Our group saw The Powerpuff Girls Movie; it was much more entertaining than Men In Black II, which I saw on opening day. I laughed consistently throughout the Powerpuff Girls, as did the dozen or so other noders at the showing. MIB II was fun, but I left feeling the movie had gone flat toward the end and lacked sufficient plot development (the romance angle just wasn't believable and really needed work -- I never bought that he wouldn't deneuralize the girl). And it didn't have any new ideas. The Powerpuff Girls, on the other hand, had a plot that was more than just a padded-out TV episode, and the writing was sharp and clever.

Later, a bunch of us went to the The 'Dube for eats and drinks. I got to chat with Atesh and a few other noders I'd not met before.

But even after spending most of the afternoon and evening in cool, air-conditioned comfort ... I was just wiped out by midnight last night. My blood has gotten really thick from living up here in the Midwest so long, and I have no tolerance for this uber-hot weather anymore.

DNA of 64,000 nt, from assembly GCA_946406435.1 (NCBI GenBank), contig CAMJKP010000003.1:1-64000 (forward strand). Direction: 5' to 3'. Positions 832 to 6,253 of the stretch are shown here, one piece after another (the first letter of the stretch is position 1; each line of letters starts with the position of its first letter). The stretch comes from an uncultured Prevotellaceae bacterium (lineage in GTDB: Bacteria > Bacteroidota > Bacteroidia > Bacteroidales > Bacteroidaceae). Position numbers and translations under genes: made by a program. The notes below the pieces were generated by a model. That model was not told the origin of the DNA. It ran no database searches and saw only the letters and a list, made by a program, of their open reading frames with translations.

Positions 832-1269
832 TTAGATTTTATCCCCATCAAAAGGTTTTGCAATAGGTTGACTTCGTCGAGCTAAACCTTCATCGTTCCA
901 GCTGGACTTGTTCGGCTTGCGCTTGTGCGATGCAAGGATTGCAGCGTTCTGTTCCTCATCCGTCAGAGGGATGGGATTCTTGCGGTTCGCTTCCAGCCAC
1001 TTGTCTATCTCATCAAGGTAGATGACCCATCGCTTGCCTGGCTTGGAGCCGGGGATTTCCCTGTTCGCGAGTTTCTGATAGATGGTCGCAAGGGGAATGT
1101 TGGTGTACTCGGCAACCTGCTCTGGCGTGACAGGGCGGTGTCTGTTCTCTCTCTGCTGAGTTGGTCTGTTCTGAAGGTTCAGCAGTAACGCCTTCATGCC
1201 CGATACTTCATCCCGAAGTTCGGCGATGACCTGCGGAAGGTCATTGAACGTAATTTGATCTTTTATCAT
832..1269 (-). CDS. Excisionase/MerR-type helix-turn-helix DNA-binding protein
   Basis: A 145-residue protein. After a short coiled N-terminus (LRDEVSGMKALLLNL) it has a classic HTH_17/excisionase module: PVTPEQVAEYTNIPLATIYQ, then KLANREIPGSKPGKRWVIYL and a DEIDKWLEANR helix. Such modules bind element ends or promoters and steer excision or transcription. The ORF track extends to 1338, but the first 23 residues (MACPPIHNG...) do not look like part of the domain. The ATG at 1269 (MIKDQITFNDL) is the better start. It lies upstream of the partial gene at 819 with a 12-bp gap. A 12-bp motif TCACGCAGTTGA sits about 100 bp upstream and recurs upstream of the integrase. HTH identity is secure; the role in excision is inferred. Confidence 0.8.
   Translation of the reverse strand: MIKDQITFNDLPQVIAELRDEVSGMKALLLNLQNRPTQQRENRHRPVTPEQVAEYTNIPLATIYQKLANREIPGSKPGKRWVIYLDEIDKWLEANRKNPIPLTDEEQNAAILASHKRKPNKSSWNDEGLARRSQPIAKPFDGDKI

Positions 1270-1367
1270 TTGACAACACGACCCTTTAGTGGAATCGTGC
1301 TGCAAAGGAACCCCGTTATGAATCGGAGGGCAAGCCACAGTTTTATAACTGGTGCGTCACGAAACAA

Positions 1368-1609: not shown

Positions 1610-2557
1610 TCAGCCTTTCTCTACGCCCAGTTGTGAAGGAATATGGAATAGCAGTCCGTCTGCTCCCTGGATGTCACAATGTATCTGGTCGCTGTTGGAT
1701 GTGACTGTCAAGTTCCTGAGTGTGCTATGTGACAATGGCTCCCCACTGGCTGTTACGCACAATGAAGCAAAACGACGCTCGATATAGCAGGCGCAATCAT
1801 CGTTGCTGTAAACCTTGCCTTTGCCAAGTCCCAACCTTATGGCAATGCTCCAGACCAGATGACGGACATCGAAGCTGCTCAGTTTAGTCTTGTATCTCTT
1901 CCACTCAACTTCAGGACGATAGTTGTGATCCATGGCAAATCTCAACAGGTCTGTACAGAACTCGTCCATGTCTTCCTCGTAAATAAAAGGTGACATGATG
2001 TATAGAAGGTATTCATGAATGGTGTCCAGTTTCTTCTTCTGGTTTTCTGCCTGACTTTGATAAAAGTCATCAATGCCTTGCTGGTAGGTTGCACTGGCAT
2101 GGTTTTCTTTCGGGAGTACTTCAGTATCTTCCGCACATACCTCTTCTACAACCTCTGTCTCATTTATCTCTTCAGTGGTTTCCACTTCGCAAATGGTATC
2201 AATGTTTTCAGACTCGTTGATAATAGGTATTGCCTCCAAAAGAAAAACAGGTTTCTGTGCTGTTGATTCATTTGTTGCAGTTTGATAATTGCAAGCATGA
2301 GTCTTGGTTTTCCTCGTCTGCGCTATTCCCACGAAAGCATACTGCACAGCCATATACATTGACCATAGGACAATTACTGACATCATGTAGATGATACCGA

*deep breath*

This afternoon, I was at the kitchen table, finishing lunch. My mother was sitting beside me, and my father was leaning into the open fridge, reaching for a bottle of Diet Coke. They were engaging in an idle conversation, but I don't remember what they were talking about. All I felt was my own rushing heartbeat and the adrenaline pumping through my system as I considered the remote possibility that today, I would stop hiding. I would tell them the truth.

I reached to grab a few remaining goldfish crackers on my plate, but stopped mid-movement when I realized my hand was shaking uncontrollably. I snatched it back quickly and burried both my hands in my lap, staring down at the table. I was so scared. We'd talked about this before, a remote subject to be pondered from afar. How would they react when they found out it had landed right on their doorstep? They'd assured me many times before, we will always love you, no matter who you are. Were they telling the truth? Because if they rejected me, I knew without a doubt I would end my life. My parents are everything to me. I couldn't stand to know that I had disappointed them. I love them far too much for that.

My father dropped a few ice cubes in his glass and poured out the foaming soda. He asked me something, but I didn't hear him. He shrugged, picked up his glass, and turned his body towards the door.

I had to do it now. I couldn't wait anymore.

Mom? Dad? Can I talk to you about something.. important?